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Break Bad Habits

  • Author:Angelia
  • Source:www.diecastingpartsupplier.com
  • Release on:2015-04-08
First and foremost: how do bad habits even form? Studies by the National Institute of Health point to two main reasons: The first reason is repetition. If you do something often enough, say, you twirl your pencil during class, you brain decides it can stop wasting precious neuron thinking about it. So it checks out and goes on vacation. You could be twirling your pencil through AP English, social studies, algebra and trig without even thinking about it.
The other way bad habits are formed is through positive reinforcement, which sounds like a really good thing, but it can be dangerous. Let's talk about that energy drink that you insist on sucking back when you're up late studying. Gives you a nice boost of energy, and then helps you get through to the end of that mind-numbingly boring paper you're writing on Chaucer.
But the reason why this kind of habit is hard to break is that the nice surge of energy at 11 p.m. is an enjoyable feeling. And enjoyable feelings usually result in your brain releasing dopamine. This is partly why people often crave things that aren't even enjoyable for them anymore. The brain is jonesing for dopamine.
But don't worry, my habitual compadres. Human beings are pretty amazing at changing and adapting. Ladies and gentlemen, we're going to obliterate that bad habit in four easy steps. Pause and print this sheet at watchwellcast.com
Step one (let's start at the very beginning. It's a very good place to start): Write down the bad habit you're trying to quit. Start simple. Choose just one.
Step two: Learn to avoid your triggers.
Take some time to think of other things that really make you crave doing your bad habit. If biting your nails is your vice, your triggers might be: "That last minute quiz!" "Oh, no! I gotta pay my electric bill" or "How much money do I have in my account for rent?" List these triggers in section two of your worksheet.
Next to these triggers, write a list of ways you can avoid them. For example, read your syllabus every week or make sure that you plan for automatic deductions for your electric bill.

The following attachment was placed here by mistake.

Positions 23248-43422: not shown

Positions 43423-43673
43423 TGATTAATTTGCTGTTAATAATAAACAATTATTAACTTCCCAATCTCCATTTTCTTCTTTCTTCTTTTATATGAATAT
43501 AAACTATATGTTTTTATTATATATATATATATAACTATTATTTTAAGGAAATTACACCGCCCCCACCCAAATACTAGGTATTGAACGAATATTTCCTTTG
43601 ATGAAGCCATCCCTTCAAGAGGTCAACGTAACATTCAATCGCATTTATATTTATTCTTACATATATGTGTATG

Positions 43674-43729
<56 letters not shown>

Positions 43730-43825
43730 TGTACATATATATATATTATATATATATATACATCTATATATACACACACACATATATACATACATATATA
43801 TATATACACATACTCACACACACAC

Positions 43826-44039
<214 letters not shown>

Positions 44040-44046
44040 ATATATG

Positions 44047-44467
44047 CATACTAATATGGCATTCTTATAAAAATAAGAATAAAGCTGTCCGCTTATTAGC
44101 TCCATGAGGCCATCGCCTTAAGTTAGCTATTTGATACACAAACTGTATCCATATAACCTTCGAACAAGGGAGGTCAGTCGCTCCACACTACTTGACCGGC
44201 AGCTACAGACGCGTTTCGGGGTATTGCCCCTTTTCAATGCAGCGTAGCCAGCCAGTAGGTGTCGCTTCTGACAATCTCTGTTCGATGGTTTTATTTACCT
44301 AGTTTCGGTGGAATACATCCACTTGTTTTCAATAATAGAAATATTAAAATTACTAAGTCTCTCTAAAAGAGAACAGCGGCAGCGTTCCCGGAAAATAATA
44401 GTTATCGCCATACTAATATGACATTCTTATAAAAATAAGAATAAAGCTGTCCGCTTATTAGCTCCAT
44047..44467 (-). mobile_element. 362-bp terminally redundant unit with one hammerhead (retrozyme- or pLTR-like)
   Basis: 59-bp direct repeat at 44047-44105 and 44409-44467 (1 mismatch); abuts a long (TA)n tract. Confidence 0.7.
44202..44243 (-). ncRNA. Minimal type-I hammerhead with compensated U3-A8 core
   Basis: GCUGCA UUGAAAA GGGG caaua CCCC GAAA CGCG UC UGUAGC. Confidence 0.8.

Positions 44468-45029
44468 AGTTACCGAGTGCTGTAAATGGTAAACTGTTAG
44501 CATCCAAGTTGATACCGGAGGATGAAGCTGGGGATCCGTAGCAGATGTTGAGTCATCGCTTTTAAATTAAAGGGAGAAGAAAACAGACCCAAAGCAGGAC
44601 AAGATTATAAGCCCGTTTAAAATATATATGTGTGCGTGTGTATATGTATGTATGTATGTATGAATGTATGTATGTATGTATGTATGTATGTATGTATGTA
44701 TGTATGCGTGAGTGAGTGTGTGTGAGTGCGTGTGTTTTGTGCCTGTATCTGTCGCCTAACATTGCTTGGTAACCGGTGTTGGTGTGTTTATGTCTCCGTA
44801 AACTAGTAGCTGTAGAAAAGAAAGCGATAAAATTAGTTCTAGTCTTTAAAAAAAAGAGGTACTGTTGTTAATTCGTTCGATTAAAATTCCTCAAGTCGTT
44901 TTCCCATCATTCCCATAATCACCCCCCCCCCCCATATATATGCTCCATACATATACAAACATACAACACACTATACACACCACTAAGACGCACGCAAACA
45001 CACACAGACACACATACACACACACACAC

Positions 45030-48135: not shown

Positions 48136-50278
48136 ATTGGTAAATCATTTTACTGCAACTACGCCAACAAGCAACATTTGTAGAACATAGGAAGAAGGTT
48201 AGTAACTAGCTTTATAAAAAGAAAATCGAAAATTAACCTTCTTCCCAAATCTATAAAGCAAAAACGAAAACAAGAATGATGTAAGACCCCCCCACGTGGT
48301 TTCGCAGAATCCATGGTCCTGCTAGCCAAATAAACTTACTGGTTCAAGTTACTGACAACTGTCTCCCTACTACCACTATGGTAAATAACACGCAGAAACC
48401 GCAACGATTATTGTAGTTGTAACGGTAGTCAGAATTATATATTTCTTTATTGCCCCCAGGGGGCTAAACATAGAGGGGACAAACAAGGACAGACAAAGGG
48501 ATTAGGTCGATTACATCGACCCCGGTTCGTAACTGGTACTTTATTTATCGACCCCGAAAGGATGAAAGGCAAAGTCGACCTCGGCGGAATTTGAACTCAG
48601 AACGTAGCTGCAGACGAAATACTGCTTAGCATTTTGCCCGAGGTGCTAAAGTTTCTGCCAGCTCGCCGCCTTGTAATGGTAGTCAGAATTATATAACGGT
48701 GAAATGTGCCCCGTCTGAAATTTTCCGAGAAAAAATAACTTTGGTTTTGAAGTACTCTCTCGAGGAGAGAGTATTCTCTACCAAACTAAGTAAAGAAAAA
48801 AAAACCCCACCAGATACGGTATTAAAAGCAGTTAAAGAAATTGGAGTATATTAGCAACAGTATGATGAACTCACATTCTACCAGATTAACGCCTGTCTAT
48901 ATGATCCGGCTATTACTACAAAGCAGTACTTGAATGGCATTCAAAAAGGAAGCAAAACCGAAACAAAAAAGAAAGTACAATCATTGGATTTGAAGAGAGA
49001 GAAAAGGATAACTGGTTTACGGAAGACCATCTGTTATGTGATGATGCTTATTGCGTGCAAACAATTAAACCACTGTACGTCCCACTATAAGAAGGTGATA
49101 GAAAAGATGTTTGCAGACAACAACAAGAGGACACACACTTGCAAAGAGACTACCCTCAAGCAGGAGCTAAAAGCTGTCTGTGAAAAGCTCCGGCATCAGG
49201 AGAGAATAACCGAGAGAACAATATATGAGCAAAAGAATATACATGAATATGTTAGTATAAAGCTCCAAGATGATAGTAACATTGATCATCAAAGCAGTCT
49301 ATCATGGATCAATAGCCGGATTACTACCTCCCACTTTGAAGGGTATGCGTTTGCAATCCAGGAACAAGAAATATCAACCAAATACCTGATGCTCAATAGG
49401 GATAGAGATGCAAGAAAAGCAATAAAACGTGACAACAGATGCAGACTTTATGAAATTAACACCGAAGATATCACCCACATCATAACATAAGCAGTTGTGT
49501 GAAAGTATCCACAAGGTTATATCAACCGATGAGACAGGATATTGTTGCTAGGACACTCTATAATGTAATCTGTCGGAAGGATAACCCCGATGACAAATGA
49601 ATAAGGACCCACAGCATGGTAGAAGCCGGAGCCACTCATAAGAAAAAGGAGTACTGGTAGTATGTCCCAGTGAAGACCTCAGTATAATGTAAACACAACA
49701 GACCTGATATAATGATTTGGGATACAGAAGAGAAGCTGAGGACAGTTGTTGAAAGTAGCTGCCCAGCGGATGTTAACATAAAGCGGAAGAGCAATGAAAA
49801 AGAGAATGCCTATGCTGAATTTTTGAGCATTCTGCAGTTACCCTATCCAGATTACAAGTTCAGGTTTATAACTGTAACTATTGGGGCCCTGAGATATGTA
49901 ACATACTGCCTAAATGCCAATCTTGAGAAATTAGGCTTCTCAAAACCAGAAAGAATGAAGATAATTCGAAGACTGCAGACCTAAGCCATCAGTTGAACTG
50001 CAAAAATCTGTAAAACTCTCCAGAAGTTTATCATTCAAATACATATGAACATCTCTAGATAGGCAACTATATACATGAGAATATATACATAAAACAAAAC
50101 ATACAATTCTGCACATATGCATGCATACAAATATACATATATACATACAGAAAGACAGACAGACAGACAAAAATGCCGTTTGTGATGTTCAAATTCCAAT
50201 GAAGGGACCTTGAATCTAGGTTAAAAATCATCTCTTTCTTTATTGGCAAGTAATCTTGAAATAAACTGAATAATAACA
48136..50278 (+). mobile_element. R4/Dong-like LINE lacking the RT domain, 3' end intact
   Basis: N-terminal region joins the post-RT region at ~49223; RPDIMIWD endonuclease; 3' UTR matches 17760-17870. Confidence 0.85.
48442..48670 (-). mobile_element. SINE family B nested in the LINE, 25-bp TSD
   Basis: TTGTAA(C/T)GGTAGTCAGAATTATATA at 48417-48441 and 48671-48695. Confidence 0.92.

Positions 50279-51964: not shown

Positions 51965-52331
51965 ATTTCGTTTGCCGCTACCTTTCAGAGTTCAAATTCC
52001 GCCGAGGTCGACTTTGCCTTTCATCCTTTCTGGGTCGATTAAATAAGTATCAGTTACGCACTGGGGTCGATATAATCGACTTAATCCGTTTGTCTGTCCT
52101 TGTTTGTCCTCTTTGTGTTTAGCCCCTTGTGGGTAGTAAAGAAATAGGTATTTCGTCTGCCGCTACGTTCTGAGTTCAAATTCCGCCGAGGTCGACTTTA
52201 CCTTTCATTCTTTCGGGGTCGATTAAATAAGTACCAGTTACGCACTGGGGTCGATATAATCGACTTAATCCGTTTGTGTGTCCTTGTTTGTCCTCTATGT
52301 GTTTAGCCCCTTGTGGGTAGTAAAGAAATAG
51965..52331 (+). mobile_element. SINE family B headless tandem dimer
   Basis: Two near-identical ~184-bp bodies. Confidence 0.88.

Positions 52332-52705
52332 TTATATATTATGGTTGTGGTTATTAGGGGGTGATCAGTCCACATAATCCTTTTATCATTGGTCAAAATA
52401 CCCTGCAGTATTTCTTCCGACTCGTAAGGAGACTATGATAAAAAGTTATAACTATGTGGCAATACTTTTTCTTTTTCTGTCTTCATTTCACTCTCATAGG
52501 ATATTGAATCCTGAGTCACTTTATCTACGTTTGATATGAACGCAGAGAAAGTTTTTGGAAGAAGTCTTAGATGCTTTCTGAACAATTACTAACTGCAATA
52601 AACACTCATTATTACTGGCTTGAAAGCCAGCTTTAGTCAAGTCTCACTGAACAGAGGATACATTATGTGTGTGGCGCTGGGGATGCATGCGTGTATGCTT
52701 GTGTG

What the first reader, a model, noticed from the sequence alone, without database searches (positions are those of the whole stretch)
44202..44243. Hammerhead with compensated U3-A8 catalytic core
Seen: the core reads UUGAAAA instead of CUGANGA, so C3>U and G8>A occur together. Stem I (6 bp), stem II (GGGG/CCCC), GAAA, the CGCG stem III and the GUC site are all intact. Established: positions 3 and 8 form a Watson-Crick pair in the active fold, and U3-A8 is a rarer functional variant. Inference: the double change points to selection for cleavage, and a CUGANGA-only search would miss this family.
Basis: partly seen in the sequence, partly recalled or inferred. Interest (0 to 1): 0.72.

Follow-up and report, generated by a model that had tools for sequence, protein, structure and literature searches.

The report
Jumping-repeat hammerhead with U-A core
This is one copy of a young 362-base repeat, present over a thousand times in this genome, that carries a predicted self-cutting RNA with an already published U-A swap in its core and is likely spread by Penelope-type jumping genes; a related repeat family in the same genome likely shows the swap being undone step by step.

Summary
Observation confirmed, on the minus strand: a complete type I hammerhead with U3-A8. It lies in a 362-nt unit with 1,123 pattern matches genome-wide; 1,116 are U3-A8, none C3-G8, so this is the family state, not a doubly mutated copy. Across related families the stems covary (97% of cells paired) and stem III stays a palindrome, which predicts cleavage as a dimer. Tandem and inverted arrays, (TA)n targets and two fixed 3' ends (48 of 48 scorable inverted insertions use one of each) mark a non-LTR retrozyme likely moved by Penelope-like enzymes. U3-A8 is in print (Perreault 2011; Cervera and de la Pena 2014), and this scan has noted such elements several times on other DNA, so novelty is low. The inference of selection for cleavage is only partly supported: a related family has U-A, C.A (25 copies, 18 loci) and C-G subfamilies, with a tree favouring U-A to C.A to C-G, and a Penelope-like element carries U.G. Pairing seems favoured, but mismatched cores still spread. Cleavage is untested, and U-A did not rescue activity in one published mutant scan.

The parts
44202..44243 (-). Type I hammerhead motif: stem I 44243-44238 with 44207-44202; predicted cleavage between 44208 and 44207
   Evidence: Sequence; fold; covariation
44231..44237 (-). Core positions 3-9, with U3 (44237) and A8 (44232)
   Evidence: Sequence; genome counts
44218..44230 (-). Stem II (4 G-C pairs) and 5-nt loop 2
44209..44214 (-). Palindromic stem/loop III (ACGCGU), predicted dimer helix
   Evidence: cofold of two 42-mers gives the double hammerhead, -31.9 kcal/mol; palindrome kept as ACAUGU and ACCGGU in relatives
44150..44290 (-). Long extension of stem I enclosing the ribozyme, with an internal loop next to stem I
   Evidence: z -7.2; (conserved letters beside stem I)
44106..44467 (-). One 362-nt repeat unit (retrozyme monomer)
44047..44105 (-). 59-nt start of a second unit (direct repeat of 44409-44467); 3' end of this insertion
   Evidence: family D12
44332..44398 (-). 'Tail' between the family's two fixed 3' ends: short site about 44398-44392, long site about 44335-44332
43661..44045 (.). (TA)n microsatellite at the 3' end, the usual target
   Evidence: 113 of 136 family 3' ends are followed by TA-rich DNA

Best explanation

Step three: Substitute your bad habits for not so bad habits.
Basically, you wanna teach your brain by repetition to learn a new habit. So if you tend to bite your nails when you're stressed and alone in your living room, stock your refrigerator with carrots and celery, so that you can reach for something else to chew on when you're stressed out. Write a substitution next to every trigger on section three of your worksheet.
Step four: Gather your army.
You do not have to do this alone. Enlist your friends to help you defeat this bad habit. Start by telling them that you're planning on eliminating this bad habit and you need their help. Just the simple act of letting them in on this battle that you're waging is a step at the right direction.
Remember, your friends can be bodyguards. They'll stand between you and your brain. Tell them to police you. If they see you reaching for those nails to bite, give them the permission to remind you of your mission or even slap your hand. Whatever you want!
Alright, guys. Let's recap. Today you learned four steps for beating your bad habits. You decided which habit you wanted to kick. You figured out your triggers for this bad habit. And you decided on ways to avoid and replace these triggers with healthier alternatives. If all those fail, you learn to enlist your friends in the fight.

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